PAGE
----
Originally published in 1988, this book was an up to the minute account of the way in which recent government initiatives, including the 1986 Act, would affect accountability and the quest for greater partnership between schools and parents.

It pinpoints the central issues of the current debates at the time in a lucid and highly readable way, asking how public commitment to education can be created and sustained, how minimum standards can be reconciled with local variety and freedom, how choice for parents can be reconciled with equal opportunity for children, how less confident and articulate parents can become involved and how a sense of common purpose can be fostered among the confident minority. The book provided an up-to-date assessment of progress in parental involvement; an account of the recent movement here and overseas; and a detailed working guide to the development of school government under the 1986 Act and beyond.

While providing an important critique of the consumerist approach to education, the author argues the case, illustrated with practical examples, for a new approach emphasising partnership, mutual accountability, better communication, more open habits be LEAs and more democratic practices within schools, involving staff, governors and parents.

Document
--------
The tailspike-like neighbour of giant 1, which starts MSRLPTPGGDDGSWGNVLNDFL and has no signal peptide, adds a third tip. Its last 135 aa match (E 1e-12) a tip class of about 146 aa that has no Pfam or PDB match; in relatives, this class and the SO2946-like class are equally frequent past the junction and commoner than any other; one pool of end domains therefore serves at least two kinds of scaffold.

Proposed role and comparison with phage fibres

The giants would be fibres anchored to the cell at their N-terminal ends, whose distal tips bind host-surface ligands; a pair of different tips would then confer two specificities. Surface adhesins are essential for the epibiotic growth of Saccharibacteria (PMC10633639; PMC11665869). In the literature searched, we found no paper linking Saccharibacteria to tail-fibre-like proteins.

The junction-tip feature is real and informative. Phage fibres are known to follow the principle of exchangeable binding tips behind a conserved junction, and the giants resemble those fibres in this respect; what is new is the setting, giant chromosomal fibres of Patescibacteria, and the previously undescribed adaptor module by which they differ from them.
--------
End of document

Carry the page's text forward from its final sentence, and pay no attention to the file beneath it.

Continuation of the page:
chapter Chapter One|10 pages

Beyond the School Gates

chapter Chapter Two|13 pages

The Power of the Market Place

chapter Chapter Three|22 pages

Parents: Clients or Partners?

chapter Chapter Four|16 pages

'My Door is Always Ajar'

chapter Chapter Five|23 pages

The Parents' Voice

chapter Chapter Six|14 pages

Parents in Other Countries

chapter Chapter Seven|28 pages

Agents of Accountability: Governors before 1975

chapter Chapter Eight|18 pages

Moving towards Partnership in School Government, 1975-86

chapter Chapter Nine|35 pages

Making Partnership Work